Low-frequency assessment of airway and tissue mechanics in ventilated COPD patients

András Lorx, Barna Szabó, Magdolna Hercsuth, István Pénzes, Zoltán Hantos

Research output: Contribution to journalArticle

13 Citations (Scopus)


Low-frequency forced oscillations have increasingly been employed to characterize airway and tissue mechanics separately in the normal respiratory system and animal models of lung disease; however, few data are available on the use of this method in chronic obstructive pulmonary disease (COPD). We studied 30 intubated and mechanically ventilated patients (COPD, n = 9; acute exacerbation of COPD, n =21) during short apneic intervals at different levels of positive end-expiratory pressure (PEEP), with small-amplitude forced oscillations between 0.4 and 4.8 Hz. In 16 patients, measurements were made before and after inhalation of fenoterol hydrobromide plus ipratropium bromide (Berodual). Newtonian resistance and coefficients of tissue resistance (G) and elastance (H) were estimated from the respiratory system impedance (Zrs) data by model fitting. Apart from some extremely high Zrs data obtained primarily at relatively low PEEP levels, the model yielded a reasonable partitioning of the airway and tissue parameters, and the inclusion of further parameters did not improve the model performance. With increasing PEEP, Newtonian resistance and the ratio G/H decreased, reflecting the volume dependence of the airway caliber and the improved homogeneity of the lungs, respectively. Bronchodilation after the administration of Berodual was also associated with simultaneous decreases in G and H, indicating recruitment of lung units. In conclusion, the measurement of low-frequency Zrs can be accomplished in ventilated COPD patients during short apneic periods and offers valuable information on the mechanical status of the airways and tissues.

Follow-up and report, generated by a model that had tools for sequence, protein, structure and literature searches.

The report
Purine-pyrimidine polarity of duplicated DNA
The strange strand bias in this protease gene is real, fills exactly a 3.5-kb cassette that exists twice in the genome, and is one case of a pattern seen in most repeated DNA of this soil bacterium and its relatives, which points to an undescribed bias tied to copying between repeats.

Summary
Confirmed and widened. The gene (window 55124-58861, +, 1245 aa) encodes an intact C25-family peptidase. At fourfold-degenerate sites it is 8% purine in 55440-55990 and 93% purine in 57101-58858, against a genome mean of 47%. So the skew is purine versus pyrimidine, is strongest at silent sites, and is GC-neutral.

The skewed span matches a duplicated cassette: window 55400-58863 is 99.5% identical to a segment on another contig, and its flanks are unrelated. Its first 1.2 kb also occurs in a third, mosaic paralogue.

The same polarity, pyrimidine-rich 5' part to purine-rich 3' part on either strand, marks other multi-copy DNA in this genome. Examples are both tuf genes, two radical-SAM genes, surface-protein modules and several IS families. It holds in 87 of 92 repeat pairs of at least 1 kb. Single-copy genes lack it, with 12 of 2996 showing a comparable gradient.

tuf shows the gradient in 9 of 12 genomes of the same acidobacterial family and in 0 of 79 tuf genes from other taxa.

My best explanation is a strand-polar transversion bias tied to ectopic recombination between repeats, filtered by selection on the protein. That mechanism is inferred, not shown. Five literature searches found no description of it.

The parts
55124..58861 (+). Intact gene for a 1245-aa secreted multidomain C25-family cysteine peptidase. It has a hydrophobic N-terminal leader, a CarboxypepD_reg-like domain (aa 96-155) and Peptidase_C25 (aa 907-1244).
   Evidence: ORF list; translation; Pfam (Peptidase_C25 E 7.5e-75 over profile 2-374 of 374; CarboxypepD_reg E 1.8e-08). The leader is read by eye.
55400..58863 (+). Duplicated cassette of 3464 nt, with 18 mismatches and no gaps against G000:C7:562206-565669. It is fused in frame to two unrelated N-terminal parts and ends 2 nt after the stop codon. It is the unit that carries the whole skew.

Original languageEnglish
Pages (from-to)1884-1892
Number of pages9
JournalJournal of Applied Physiology
Issue number6
Publication statusPublished - Dec 1 2009


  • Bronchodilation
  • Forced oscillation
  • Mechanical ventilation
  • Respiratory elastance
  • Respiratory resistance

ASJC Scopus subject areas

  • Physiology
  • Physiology (medical)

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